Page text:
- SMART AB, a travel distribution company in Northern Europe
- Vacation.com, the largest US marketing network for leisure travel
- E-Travel, Inc., a supplier of hosted technology products for corporate travel
- Opodo, a European travel website which it sold on February 2011 for €450 million
- Airline Automation (AAI), a robotic PNR processing company, in 2006
- TravelTainment, a leisure content provider
- Optims, a European hotel software company
- Onerail, a rail IT software supplier
- Newmarket International, an IT provider for hotels
Amadeus has its own data centre in Erding, Germany. In 2010, the Erding complex processed ½ billion transactions per day, and handled, on average, 9,000 user data queries per second, with an system response time of less than 3 milliseconds and an average system uptime of 99.99%.
Amadeus’ global operations comprise not only the main site in Erding, Germany, but also two strategic operation centres in Miami, United States and Sydney, Australia, and local competency centres in Germany, Thailand, Poland, Colombia, Ukraine and the United Kingdom.
Overview of the company's business and activities
Amadeus CRS is the largest GDS provider in the worldwide travel and tourism industry, with an estimated market share of 37% in 2009. This position permits Amadeus to offer distribution reach for global and local travel content. As of December 2010, over 90,000 travel agencies worldwide use the Amadeus system and 58,000 airline sales offices use it as their internal sales and reservations system. Amadeus gives access to bookable content from 435 airlines (including 60 low cost carriers), 29 car rental companies (representing 36,000 car rental locations), 51 cruise lines and ferry operators, 280 hotel chains and 87,000 hotels, 200 tour operators, 103 rail operators and 116 travel insurance companies.
The principal service of this business area is the Amadeus Altéa Customer Management System (CMS), a software suite which addresses airlines' sales and reservations, inventory management and departure control.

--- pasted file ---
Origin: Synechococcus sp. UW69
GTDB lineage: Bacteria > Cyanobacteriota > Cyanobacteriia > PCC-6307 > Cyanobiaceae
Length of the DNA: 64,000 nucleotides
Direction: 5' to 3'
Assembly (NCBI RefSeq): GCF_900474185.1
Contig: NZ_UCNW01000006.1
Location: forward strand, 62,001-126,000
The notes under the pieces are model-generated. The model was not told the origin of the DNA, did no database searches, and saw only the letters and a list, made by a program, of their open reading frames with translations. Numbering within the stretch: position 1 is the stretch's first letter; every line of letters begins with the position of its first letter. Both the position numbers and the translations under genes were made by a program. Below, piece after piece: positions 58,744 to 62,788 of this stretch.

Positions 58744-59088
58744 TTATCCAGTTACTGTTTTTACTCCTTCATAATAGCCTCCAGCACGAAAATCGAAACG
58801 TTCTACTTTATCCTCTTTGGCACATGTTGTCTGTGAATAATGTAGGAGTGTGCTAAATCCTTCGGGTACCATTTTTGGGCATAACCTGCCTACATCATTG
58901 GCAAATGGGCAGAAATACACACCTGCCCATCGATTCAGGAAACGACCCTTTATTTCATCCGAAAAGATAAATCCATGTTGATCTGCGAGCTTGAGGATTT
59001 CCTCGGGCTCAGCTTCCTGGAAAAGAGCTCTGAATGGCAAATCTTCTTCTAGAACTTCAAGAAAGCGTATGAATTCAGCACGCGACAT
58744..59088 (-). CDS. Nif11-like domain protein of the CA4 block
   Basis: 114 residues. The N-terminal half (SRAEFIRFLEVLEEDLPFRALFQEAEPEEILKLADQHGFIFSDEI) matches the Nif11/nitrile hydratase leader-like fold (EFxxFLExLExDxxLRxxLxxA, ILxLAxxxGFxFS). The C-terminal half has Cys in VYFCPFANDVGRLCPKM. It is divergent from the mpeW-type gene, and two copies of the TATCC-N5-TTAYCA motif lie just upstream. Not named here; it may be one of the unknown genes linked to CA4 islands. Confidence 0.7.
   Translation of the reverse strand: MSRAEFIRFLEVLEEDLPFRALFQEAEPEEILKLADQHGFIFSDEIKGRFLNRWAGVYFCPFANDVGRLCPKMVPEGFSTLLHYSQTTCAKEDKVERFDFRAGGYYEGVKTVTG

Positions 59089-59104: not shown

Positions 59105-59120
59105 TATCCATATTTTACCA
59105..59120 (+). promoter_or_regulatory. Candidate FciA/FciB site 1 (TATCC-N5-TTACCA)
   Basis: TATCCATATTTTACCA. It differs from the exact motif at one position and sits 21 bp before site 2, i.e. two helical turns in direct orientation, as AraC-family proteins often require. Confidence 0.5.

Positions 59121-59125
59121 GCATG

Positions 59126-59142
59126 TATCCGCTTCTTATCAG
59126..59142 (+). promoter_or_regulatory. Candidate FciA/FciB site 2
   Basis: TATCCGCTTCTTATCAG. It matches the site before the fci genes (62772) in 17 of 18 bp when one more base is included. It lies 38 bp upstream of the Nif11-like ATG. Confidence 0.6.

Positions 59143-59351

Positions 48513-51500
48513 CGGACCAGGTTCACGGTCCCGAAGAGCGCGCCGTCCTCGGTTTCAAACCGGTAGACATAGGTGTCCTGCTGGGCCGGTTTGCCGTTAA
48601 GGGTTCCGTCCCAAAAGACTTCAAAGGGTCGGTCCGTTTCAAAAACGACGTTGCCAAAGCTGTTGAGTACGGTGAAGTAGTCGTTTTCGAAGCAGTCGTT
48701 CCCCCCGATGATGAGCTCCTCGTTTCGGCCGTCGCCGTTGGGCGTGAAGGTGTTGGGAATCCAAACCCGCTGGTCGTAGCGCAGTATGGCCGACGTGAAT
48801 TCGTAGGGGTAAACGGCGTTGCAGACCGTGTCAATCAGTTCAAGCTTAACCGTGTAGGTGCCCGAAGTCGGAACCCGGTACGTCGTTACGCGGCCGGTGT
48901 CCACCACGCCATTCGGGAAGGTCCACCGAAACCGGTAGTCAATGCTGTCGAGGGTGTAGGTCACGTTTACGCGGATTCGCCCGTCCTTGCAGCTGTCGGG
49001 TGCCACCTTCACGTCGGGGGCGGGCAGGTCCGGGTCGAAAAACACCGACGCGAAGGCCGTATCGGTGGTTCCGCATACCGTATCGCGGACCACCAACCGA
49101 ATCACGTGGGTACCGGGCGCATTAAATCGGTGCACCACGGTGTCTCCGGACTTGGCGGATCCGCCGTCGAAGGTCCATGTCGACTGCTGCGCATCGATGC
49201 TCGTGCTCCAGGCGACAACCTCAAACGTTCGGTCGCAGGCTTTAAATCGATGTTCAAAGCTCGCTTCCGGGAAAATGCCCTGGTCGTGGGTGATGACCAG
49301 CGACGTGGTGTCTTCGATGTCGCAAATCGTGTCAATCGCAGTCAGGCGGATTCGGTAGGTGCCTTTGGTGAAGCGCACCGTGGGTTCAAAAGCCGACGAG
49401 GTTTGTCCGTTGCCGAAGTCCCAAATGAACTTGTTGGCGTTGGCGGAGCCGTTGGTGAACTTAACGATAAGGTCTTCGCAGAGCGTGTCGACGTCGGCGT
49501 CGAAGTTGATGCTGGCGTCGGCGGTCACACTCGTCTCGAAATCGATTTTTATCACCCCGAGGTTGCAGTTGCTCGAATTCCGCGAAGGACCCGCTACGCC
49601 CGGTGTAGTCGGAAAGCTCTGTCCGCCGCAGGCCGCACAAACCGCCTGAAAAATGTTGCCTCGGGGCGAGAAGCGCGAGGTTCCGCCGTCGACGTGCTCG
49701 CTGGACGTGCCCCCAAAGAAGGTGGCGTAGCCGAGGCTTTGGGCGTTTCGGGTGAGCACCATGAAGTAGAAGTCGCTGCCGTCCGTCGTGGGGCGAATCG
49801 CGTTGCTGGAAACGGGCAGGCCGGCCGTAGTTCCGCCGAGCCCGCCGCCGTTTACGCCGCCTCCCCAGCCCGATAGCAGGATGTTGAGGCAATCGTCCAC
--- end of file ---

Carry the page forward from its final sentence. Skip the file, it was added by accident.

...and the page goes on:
Unlike the carriers’ legacy IT systems, the Altéa platform is based on a common technical infrastructure and software. With Altéa, airlines outsource their IT operations onto a community platform which allows them to share information with both airline alliance and code-share partners.
The Altéa suite presently consists of four main modules: Altéa Reservation, providing booking, pricing and ticketing management through a single interface; Altéa Inventory, providing schedule and seat capacity management on a flight-by-flight basis; Altéa Departure Control, a departure control system software package; and Altéa e-commerce, a software suite for airline e-commerce sales and support.
In 2009, the number of passengers boarded by airlines using Amadeus Altéa was 238 million. Amadeus is extending its IT solutions business with the ongoing development of similar systems for rail companies, hotel chains, airport operators and ground handling companies.
Business model and other business lines
The business model of Amadeus is booking fee or transaction based, which means that a fee is taken for each confirmed net booking made in the Amadeus CRS. Income from these fees is used to finance the distribution network based on incentives and the Amadeus system evolutions.
In late 1990s, a business division specialized in e-commerce was created. Its purpose was to complement the Amadeus software product offer to the airlines by developing a complete web based booking solution. It proposes a high level of integration with Amadeus central reservation system.
In 2000, Amadeus was awarded the development of two new operational applications for British Airways and Qantas Airways : the inventory management and the departure control systems. These products were outside of the core expertise domain of Amadeus and were built with the expertise of the airlines.